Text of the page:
March 23, 2012, 3:29 PM — When asked for surveys, most people say they fear identity theft, worry about web services their privacy for profit and swear they'd pay more for products or services from vendors who protect their privacy rather than exploiting it.
Very few behave as if they really mean it, however, according to a new study on the economics of privacy.
When given a choice, most people choose to buy from vendors who do not demand that they hand over phone numbers, email addresses or other personal information to complete the purchase, according to Study on Monetising Privacy , which is billed by its sponsors as the largest experimental study examining the behavior of consumers in realistic online buying situations.
The study was sponsored by the European Network and Information Security Agency (ENISA), a European Union government agency charged with investigating digital security and privacy on both individuals and businesses in the EU.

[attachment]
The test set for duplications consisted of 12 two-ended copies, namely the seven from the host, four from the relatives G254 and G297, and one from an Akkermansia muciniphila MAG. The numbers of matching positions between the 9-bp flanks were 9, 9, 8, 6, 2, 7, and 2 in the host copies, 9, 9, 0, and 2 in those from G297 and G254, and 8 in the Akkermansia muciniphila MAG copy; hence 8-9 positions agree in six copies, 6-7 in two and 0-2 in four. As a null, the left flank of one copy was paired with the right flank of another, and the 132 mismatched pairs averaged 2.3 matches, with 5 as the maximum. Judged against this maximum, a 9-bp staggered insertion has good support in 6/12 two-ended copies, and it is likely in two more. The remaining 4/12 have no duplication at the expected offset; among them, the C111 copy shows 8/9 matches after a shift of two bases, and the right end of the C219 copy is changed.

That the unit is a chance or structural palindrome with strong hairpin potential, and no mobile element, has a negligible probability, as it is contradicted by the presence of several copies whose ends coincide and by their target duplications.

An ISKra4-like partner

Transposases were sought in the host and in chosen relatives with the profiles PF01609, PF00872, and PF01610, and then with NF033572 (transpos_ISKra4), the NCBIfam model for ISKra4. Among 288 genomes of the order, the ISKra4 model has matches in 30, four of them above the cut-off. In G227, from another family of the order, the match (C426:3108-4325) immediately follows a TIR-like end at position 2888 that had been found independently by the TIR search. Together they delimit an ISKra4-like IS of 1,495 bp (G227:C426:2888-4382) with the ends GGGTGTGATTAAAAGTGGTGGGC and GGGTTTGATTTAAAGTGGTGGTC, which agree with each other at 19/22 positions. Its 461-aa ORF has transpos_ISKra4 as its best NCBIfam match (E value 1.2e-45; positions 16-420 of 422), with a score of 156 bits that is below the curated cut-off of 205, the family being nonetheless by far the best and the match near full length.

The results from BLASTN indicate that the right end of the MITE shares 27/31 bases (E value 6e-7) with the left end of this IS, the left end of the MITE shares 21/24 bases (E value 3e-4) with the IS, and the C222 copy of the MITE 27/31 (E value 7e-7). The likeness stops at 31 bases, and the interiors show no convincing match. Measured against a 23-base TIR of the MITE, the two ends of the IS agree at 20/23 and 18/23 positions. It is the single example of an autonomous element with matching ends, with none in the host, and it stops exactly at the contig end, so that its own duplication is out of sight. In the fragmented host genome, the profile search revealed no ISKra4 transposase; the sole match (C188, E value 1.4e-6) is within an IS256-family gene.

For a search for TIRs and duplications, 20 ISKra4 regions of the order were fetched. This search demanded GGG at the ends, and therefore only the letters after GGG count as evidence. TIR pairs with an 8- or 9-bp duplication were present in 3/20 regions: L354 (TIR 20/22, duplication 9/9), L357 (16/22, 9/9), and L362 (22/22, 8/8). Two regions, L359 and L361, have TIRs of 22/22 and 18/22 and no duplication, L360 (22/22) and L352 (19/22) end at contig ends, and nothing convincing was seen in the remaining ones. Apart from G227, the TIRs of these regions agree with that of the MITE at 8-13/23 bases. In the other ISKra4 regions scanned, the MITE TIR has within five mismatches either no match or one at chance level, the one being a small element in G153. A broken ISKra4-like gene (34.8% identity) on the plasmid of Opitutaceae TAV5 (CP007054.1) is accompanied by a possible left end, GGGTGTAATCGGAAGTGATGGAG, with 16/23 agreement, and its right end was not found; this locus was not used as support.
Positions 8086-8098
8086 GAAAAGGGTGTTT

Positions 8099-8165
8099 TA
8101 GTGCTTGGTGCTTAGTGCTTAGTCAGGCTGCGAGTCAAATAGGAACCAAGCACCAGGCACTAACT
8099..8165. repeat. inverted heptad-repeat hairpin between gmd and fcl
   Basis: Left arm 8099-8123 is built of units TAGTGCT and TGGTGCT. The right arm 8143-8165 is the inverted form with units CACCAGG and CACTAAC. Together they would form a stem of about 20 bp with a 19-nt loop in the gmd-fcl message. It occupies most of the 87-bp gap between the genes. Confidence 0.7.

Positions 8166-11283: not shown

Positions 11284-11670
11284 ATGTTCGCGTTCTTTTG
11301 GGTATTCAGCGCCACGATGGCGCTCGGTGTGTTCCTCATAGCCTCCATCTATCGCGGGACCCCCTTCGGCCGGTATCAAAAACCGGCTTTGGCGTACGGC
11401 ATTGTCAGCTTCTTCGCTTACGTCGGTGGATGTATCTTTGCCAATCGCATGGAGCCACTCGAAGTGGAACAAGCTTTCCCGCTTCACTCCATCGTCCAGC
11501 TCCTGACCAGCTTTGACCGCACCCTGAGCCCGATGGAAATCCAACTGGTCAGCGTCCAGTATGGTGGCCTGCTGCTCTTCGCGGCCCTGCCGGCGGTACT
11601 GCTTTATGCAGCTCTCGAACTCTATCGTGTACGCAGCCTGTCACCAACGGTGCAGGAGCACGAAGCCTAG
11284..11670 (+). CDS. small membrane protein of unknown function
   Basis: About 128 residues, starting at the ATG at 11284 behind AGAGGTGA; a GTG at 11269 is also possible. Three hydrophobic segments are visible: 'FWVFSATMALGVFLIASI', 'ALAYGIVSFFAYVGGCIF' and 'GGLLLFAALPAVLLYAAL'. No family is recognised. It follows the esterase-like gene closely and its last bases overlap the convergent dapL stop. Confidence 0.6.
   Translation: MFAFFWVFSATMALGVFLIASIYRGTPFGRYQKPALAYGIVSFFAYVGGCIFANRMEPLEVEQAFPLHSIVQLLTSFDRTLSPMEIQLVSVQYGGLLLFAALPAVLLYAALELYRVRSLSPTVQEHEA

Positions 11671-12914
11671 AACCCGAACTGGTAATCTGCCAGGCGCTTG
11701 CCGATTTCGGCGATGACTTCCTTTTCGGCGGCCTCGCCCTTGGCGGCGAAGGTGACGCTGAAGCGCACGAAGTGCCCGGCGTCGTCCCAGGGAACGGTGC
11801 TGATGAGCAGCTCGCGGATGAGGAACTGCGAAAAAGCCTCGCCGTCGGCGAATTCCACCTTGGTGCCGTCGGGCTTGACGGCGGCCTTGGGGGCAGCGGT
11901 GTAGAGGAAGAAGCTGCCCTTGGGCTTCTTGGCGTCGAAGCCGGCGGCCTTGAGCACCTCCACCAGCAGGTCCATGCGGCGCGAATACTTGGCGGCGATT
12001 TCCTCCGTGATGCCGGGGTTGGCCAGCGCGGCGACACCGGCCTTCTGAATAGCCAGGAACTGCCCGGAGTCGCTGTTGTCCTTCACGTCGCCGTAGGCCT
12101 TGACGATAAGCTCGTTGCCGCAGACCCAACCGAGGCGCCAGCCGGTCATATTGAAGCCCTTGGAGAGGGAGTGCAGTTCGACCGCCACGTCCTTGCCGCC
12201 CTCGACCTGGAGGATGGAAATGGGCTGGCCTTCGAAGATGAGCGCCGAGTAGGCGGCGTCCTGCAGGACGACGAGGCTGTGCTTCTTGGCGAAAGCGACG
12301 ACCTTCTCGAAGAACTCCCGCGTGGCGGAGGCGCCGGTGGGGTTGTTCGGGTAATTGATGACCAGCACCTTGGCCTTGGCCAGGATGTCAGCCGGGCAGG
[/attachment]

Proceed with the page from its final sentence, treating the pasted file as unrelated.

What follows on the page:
In separate experiments, researchers from Cambridge University and German Institute of Research in Berlin sent 443 student volunteers to two web sites selling tickets at the same price to the same movie and asked for the same list of basic personal information (name, email address, date of birth).
When one site required customers to enter a cell-phone number, 83 percent of the students bought from the other site.
When the price at that site rose by half a euro (66 U.S. cents) but stayed the same at the privacy-unfriendly site, only 31 percent were willing to pay extra rather than buy from the other site and disclose their cell-phone number.
The researchers' conclusion was not the obvious – that a cell phone number is worth 66 cents.
Instead they concluded that consumers do value privacy in much the same way they value money. The majority, sometimes a substantial majority, value cash much more highly than they value individual bits of personal information.
The result was similar when the equation changed to focus on the threat that participants would be the victims of additional email advertising after their initial purchase.